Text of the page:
For a ride to be a true recovery ride, it has to be less than an hour long. Really, 40 minutes. You start going over that, and your recovery ride starts transitioning into an endurance ride and you’re not getting the benefits of recovery. I do a recovery every single week. Usually on Mondays after a weekend of racing. I go as slowly as I possibly can, trying to keep my HR in zone 1. Mine are about 40 minutes long.

    One of the reasons many struggle with recovery is because we are so used to strenuous exercise, that our brain thinks we’re wasting time if we are going easy. The best way for me to overcome this was to actually see what recovery does to my fatigue levels. If you ride with power and track your workouts in Training Peaks or Golden Cheetah, you can see how a recovery ride reduces your short-term fatigue and gets you ready for more hard training to follow. I think getting a visual will help you realize that by going slow, you’re actually making yourself faster.

    • JD on August 29, 2012 at 8:37 am

      This is a very good comment. I agree that recovery rides should be under one hour and that it can often be a struggle to stay at a slower pace.

  12. Matt in Orlando on August 29, 2012 at 7:24 am

    About every three weeks is my honest answer. I “force” myself to join a C group (15 – 18 mph) or a charity group “training ride” and use it as a time to help out new cyclist and work on spinning. Working to achieve a higher cadence has paid off for when I am joining the faster groups – knowing I can hit the 120+ RPM when I need it can be a big help and that little burst of acceleration is awesome on a hill. So these recovery rides are slower in speed but I average a higher cadence. Although I have to be honest, doing the same 50 mile route in 3 1/2 hours verses the normal 2 1/4 hours – that is a lesson in patience!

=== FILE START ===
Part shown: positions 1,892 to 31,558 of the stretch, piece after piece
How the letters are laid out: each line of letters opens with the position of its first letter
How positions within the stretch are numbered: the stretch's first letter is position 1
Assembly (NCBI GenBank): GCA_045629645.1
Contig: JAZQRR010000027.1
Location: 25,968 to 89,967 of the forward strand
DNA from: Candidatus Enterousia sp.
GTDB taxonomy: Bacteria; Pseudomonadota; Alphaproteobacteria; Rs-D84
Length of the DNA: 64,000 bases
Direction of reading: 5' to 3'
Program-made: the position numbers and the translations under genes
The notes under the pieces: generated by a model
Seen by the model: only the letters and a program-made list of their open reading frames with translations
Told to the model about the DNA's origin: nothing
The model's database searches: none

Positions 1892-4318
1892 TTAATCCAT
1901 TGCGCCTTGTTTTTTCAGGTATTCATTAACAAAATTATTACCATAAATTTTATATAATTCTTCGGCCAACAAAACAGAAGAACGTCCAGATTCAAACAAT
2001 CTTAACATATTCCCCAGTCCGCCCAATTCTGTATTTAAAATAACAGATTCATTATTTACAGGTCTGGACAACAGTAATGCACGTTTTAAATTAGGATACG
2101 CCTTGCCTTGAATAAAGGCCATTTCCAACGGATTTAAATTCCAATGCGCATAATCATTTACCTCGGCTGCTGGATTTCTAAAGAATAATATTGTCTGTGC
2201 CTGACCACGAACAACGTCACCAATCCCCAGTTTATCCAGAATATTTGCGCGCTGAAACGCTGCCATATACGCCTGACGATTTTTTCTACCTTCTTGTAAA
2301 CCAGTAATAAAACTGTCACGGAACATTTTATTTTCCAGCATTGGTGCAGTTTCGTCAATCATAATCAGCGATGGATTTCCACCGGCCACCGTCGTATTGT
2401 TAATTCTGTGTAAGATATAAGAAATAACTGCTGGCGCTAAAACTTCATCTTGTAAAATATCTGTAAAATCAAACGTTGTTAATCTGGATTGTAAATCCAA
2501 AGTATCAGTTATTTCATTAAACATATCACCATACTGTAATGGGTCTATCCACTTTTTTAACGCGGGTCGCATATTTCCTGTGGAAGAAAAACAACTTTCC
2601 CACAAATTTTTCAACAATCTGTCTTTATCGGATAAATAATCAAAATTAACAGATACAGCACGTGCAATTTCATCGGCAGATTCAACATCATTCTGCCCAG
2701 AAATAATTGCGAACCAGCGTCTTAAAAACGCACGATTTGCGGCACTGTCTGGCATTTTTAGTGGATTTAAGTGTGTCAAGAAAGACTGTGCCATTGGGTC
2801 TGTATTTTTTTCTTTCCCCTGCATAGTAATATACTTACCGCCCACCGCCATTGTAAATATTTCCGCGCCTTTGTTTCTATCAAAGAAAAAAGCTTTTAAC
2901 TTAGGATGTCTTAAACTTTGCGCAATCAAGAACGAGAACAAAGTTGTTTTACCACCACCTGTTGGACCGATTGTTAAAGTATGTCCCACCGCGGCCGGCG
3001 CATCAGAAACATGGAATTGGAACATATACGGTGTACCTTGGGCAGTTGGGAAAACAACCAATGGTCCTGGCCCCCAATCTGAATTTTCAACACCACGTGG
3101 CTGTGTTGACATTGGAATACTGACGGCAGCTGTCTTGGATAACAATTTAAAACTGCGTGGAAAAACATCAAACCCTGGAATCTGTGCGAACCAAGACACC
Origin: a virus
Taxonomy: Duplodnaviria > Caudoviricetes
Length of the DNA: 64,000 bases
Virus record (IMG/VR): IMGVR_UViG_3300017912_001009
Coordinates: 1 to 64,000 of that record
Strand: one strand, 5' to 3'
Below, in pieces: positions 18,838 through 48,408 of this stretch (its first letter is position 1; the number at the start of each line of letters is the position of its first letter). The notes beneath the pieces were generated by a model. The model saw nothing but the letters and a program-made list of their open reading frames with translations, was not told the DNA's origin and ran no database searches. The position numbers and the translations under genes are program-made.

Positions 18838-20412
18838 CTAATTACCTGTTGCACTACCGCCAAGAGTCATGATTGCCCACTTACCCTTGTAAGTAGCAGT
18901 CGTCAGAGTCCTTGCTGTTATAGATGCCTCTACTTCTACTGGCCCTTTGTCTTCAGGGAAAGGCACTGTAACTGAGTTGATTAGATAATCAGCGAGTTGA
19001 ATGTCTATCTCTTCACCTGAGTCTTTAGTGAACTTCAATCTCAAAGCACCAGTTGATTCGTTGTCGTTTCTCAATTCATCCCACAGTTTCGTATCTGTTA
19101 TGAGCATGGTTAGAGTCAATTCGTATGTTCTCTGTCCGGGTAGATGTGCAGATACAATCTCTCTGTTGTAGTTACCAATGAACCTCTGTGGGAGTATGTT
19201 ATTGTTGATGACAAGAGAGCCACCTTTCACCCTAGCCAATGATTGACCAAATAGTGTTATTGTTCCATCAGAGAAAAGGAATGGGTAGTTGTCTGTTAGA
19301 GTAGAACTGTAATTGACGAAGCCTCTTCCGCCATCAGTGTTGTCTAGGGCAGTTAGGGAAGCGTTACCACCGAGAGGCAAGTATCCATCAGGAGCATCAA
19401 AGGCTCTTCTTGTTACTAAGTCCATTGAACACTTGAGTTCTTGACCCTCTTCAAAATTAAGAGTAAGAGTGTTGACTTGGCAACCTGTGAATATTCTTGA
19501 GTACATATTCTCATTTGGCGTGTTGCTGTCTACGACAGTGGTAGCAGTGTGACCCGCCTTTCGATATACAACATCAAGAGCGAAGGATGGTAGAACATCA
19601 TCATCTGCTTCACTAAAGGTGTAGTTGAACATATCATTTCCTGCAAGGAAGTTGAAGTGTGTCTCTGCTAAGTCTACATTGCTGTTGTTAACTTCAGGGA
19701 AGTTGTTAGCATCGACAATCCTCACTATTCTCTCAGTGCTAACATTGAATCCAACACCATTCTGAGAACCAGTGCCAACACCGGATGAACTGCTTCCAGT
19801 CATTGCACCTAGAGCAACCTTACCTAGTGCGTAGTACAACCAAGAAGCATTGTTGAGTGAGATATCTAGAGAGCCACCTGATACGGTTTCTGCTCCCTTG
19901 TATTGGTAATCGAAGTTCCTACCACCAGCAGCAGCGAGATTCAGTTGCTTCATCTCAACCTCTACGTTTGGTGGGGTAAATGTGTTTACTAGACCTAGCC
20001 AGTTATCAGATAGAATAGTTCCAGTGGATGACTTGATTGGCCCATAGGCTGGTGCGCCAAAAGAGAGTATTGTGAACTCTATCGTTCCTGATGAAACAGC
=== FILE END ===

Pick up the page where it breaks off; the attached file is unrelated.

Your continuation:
13. Nick on August 29, 2012 at 6:23 am

    I typically work in a recovery ride every couple weeks. They are 70% of the power I put out on my other rides and approximately 20 miles.


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Question: I am using the homebrew sugar formulations (sometimes added to green tea).  I am also trying to wean myself off 1/2 dose adrenalean “lip tonic delivery system” (biorhythm brand- caffeine, hoodia g, synephrine, yohimbe) capsule for energy.

My question is other than juice, can you suggest modifications in lieu of table sugar for energy and hydration.


Both raw/organic honey or agave can work great in the homebrew (substitute in the same quantities for the sugar, or to taste), but you do have to shake well in order to make sure they don’t settle out.  Have you tried either of these?  Also, make sure to use at least the minimum amount of salt recommended in the homebrew as the temps rise, you need the sodium replacement if you’re sweating.